A LucyFur update: she's still not a well cat.  She ate a decent breakfast, but little after that - possibly as a result of us pumping her full of anti-biotics, and anti-bile pills - although this evening we smeared some appetite stimulant on her inner ear, so we'll see.  Much of the time she still looks rather huddled and miserable, which is hard to witness - though she certainly has moments when she perks up.  Test results should start to come through tomorrow, and then perhaps we'll soon have a better idea what's causing all her woes.

 

Monday, May 17, 2021

she's home!


She's home!  Albeit a little dazed, still, after her third anaesthetic in three days - this one after an endoscopy - but home, and eating - and accompanied by a big bag of medications.  I can't say enough good things about VCA Animal Specialty Group Glendale - they took the greatest care of her.  They still (despite xrays, an ultrasound, the endoscopy) don't know what's causing her inflamed insides - but they've sent samples off to a whole range of specialist labs, and hope for some answers during the next week.  At least there are no obvious big cancers or strange obstructions - and above all, she got to come home!  By Saturday morning I was pretty convinced that she'd used up at least eight and a half of her nine lives.

 

Sunday, May 16, 2021

rose identification?


Does anyone have any idea what kind of rose this is, tumbling down in front of a neighbor's house?  I'm sure it's a climbing rose, even if in point of fact it's a falling rose.  The buds are a deep orange, but as they age and unfurl everything turns pink; it's lightly scented, and it's truly beautiful.

And for those of you looking for a LucyFur update ... She's still in hospital, but the good news is that she ate something last night - a quarter of a can - after she came round from her anaesthetic: as well as rehydration, she's also getting anti-nausea meds.  It would be so wonderful if she can avoid going on a feeding tube.  She had an ultrasound today, and the current diagnosis is that she has Triaditis - a condition unique to cats, because of the construction of their insides.  This means that she has, basically, simultaneous inflammation of the pancreas, liver, and the intestines - which may all come from IBD.  The good news is that there are no apparent tumors or blockages.  So this can't be cured, but it can be managed, with careful diet and drugs.  But they still aren't sure what's causing it, so she may have an endoscopy to look more carefully at her intestines tomorrow ... if she's still as stable in the morning ...and she's having various samples sent out to specialist labs, to try and pinpoint even more precisely what kind of enzymes are doing what.  I have to say - I am super-impressed by her hospital (and also super-glad that our tax refund money should come through tomorrow ...).  So she may not be back until Tuesday, but I will be very glad that she's under careful monitoring and observation - and, above all, that they are talking about her coming home ...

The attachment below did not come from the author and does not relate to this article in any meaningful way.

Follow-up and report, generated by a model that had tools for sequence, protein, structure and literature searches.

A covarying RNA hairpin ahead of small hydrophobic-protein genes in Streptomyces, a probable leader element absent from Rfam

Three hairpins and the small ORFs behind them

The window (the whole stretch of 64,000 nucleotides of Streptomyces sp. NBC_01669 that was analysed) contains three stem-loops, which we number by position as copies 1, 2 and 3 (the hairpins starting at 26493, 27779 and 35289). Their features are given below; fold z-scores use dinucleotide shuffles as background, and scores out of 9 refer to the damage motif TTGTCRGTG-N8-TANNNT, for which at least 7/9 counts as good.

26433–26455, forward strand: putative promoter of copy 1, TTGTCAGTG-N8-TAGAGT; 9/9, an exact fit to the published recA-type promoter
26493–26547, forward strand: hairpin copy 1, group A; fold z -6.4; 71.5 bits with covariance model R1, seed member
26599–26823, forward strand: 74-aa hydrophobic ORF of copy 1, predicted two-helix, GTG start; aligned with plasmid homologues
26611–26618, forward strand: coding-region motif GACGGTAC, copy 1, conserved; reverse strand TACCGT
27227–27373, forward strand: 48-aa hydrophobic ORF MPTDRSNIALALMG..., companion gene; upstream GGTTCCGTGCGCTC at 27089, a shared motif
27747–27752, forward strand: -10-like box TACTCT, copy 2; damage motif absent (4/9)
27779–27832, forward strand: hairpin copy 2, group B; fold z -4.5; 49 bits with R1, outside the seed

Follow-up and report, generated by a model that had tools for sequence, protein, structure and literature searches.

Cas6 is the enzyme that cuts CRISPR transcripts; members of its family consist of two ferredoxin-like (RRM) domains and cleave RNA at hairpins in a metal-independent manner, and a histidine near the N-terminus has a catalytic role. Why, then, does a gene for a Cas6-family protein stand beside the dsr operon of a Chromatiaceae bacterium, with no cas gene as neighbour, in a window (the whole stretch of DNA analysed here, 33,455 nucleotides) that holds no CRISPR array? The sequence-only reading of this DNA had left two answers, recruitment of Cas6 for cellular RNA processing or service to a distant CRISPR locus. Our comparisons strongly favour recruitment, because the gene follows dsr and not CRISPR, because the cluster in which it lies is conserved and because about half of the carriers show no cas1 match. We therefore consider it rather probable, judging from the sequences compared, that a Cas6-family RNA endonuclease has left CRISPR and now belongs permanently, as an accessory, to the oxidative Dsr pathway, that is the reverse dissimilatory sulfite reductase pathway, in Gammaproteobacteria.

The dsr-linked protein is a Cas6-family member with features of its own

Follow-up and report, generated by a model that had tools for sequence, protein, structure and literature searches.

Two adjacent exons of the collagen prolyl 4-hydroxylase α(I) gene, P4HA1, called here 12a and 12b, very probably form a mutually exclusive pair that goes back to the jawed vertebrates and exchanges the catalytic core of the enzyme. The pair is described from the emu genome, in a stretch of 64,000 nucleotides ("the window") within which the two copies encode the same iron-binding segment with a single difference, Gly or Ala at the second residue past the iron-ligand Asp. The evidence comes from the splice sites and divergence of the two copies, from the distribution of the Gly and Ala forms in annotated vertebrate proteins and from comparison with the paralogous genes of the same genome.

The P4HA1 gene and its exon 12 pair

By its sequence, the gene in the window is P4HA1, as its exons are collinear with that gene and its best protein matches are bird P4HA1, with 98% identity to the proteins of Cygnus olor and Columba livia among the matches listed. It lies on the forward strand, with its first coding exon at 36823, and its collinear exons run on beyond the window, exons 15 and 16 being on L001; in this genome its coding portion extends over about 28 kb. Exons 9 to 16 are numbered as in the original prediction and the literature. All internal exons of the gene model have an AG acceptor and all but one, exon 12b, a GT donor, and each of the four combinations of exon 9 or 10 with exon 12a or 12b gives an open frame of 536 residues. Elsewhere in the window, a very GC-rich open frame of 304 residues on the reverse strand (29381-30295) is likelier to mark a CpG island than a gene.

Spot the remnants of the girl who really, really wanted to be a vet - until Mr Symons, the veterinarian who worked for our stables, and was very involved with the Pony Club in southwest London, told me that this wouldn't be possible, because girls weren't strong enough.

 

Saturday, May 15, 2021

look, a party! (with goat)



... but first, for anyone looking for an update on LucyFur: she wasn't at all interested in any food this morning.  So I took her to the VCA Animal Specialty emergency hospital in Glendale, who have been wonderfully kind and helpful throughout today - they did tests, and gave her an X-ray.  The X-ray showed nothing; the tests suggest that the problem may be with her liver.  Tomorrow she gets an ultra-sound: tonight she's hospitalized, being given fluids and being fed through a tube.  I'm still hoping for an update this evening - her doctor said she'd call before she went home - but by now I'm just trusting that no news is good news (because, frankly, worrying otherwise is too much).